(Rome) "Who is Pope today and how many are there exactly?" Italian journalist Antonio Socci, who is known by his accentuated criticism of Pope Francis asked on Saturday in his publication for the daily Libero. General confusion reigns in the Church, and the new interview book by Benedict XVI., "The Last Conversations," instead of clearing away the fog, adds to it.
Socci had questioned 2014/2015 the validity of the election of Pope Francis. He has more recently distanced himself from this thesis though, yet he doesn't seem to have given it up so completely. The still surprising resignation of Benedict XVI, still disturbs him and other Catholics too. It's an inner restlessness that is constantly fueled anew by the pontificate of Francis.
In the new article, Socci has occupied himself once more with the validity of the official renunciation of Benedict and its even more surprising step, to introduce a previously completely unknown figure of "emeritus pope." Is Benedict still Pope? How can there be two popes? These questions not only arise to Socci, as leading canonists have warned of the introduction of this figure. Such things were raised by Cardinal Walter Brandmüller, a close confidant of Benedict XVI., who does not approve of the step in the "retirement." Therefore, the cardinal warned last July against the institutionalization of a "papa emeritus", also because there are groups in the Church, who still hold Benedict for the legitimate pope, and thus is a dangerously explosive force with the risk of schism in the air (see Cardinal Brandmüller: Figure of an "Emeritus" Pope poses "Serious Risks" for Unity of the Church in German).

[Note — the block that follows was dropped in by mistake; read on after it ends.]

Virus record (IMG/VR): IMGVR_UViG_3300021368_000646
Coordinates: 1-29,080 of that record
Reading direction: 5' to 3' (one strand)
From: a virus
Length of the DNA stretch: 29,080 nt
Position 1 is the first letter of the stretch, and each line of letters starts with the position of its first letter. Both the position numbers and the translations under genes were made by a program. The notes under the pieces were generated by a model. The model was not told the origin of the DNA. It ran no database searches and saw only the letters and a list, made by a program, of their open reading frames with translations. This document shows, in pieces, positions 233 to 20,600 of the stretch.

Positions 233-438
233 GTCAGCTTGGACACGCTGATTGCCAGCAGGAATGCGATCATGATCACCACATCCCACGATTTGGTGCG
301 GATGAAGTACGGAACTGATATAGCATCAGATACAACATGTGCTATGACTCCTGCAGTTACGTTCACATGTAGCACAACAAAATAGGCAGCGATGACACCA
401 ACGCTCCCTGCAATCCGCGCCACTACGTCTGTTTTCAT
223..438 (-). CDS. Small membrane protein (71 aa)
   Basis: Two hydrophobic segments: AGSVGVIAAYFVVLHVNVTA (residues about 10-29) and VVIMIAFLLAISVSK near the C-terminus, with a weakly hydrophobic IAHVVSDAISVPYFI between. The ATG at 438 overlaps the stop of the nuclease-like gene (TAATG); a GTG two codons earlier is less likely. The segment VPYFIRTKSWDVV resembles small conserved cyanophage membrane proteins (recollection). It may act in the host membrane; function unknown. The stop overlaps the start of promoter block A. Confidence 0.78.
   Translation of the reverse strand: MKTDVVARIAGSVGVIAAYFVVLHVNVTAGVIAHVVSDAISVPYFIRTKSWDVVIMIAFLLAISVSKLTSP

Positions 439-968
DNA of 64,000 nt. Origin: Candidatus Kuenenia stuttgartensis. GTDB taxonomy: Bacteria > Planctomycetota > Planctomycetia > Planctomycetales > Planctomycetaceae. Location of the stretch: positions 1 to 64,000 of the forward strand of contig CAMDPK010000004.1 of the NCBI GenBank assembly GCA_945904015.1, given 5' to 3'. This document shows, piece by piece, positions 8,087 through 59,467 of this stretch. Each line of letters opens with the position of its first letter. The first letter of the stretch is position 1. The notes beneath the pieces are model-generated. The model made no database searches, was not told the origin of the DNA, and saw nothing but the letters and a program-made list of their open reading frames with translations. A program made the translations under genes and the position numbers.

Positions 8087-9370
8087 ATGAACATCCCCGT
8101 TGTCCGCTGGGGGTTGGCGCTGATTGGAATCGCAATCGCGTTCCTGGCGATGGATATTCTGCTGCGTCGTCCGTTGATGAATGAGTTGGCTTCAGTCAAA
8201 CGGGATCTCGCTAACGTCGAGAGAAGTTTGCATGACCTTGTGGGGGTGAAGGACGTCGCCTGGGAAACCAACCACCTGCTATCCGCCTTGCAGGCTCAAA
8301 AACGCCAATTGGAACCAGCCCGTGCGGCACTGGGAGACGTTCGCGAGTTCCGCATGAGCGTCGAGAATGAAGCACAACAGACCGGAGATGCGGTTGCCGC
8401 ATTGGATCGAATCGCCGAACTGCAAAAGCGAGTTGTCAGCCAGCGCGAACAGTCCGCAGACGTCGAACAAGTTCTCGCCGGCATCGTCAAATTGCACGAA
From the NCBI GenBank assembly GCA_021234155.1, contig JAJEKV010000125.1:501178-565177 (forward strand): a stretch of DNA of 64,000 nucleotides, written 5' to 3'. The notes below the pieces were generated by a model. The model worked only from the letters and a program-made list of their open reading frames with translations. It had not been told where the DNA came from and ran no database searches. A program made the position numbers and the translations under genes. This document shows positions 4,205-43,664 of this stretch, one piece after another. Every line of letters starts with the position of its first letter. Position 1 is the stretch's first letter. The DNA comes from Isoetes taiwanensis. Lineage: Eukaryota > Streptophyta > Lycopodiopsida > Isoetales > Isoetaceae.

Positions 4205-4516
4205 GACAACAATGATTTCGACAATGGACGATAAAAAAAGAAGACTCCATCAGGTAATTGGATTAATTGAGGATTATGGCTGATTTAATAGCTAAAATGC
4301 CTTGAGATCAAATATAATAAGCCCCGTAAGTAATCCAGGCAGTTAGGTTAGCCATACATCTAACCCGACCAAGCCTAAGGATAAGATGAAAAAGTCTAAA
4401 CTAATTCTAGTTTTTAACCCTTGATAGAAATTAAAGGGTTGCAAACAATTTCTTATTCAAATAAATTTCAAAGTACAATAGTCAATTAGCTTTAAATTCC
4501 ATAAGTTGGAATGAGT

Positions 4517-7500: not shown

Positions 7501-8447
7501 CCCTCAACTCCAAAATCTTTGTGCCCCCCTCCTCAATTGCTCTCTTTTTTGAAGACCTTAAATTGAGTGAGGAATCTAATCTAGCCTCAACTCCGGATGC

The Most Curious Detail
"I start with the most curious detail," says Socci. Peter Seewald asked Benedict XVI. if he knew the prophecy of Malachi, who allegedly created a list of all future popes until the end of the world in the Middle Ages. According to this list the papacy, and therefore the Church, would end with Benedict XVI.. Seewald didn't ask the question about the last Pope directly but took a turn from it: What if Benedict XVI. actually were to be the last pope, who has represented the figure of Peter's successor in the unprecedented form?